Boeing has been verifying aerodynamic advances to its C-17 military heavy-lifter using the National Research Council Canada (NRC) low-speed windtunnel to evaluate different wing flap configurations. The manufacturer is testing relatively small changes to the wing flaps designed to reduce the aircraft's take-off and landing distances.

Dr Steve Zan, director of the aerodynamics laboratory in NRC Aerospace explains that they have been running tests using a C-17 scale model in the 9 x 9m (29.5 x 29.5ft) windtunnel: "We accommodated a 4.8% ejector-powered model of the C-17 and collected a substantial amount of high lift aerodynamic data." Boeing use the data to verify that its proposed wing flap changes would deliver the desired improvements."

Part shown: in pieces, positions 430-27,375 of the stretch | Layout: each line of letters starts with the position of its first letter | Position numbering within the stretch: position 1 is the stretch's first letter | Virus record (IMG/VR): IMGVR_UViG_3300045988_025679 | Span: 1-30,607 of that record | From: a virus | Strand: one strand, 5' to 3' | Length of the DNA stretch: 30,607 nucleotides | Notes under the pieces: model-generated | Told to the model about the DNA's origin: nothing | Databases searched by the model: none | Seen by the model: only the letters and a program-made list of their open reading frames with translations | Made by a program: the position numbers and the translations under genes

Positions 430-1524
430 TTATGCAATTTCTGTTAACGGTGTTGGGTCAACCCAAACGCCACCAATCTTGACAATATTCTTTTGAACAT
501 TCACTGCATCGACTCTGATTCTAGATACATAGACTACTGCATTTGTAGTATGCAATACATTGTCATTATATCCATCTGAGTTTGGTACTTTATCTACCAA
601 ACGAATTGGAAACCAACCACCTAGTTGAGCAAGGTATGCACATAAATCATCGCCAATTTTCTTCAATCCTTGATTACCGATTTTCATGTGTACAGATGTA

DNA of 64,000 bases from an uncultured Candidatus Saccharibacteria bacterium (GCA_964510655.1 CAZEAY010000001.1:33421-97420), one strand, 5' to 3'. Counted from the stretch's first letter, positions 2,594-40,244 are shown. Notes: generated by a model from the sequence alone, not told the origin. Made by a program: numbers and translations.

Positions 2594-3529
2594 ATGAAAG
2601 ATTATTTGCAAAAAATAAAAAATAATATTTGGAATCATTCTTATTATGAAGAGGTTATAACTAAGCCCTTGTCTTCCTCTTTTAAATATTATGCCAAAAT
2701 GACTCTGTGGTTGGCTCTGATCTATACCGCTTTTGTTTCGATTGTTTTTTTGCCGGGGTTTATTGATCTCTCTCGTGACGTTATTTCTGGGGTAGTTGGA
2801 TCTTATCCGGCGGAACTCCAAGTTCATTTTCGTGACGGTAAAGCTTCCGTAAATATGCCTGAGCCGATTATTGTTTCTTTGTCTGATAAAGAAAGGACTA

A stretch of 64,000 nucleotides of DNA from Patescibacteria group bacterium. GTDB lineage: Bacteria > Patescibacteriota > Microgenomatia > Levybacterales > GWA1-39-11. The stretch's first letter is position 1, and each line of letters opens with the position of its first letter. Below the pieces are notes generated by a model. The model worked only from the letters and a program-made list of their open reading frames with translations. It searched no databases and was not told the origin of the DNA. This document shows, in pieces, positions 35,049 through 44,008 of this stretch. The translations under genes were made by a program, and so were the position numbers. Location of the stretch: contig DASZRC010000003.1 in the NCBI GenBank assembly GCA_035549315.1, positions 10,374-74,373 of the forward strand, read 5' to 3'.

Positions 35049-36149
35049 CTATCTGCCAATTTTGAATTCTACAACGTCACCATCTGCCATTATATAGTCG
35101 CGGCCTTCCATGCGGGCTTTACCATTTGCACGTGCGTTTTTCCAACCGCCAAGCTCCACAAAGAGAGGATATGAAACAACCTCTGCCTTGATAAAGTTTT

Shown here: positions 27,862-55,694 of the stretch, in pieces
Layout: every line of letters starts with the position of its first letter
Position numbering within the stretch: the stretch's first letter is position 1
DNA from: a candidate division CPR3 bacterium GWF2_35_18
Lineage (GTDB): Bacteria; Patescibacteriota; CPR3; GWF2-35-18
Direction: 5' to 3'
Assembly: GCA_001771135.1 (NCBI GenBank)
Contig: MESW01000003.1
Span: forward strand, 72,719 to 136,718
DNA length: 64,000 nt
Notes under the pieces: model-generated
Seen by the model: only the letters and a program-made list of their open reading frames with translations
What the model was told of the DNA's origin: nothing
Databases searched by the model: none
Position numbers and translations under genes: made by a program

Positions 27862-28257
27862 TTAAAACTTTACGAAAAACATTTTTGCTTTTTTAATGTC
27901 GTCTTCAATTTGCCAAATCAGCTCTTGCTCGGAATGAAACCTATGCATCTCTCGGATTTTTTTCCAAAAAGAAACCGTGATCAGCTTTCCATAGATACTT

Meanwhile, the C-17 programme's future, recently threatened by the failure of the Obama administration to include procurement in the current defence budget, has been given at least a year's reprieve through a war supplemental request that has been cleared by both Congress and the Senate, and Boeing is working on a plan to reduce production to eight airframes a year without significantly affecting the unit cost.

Source: Flight Daily News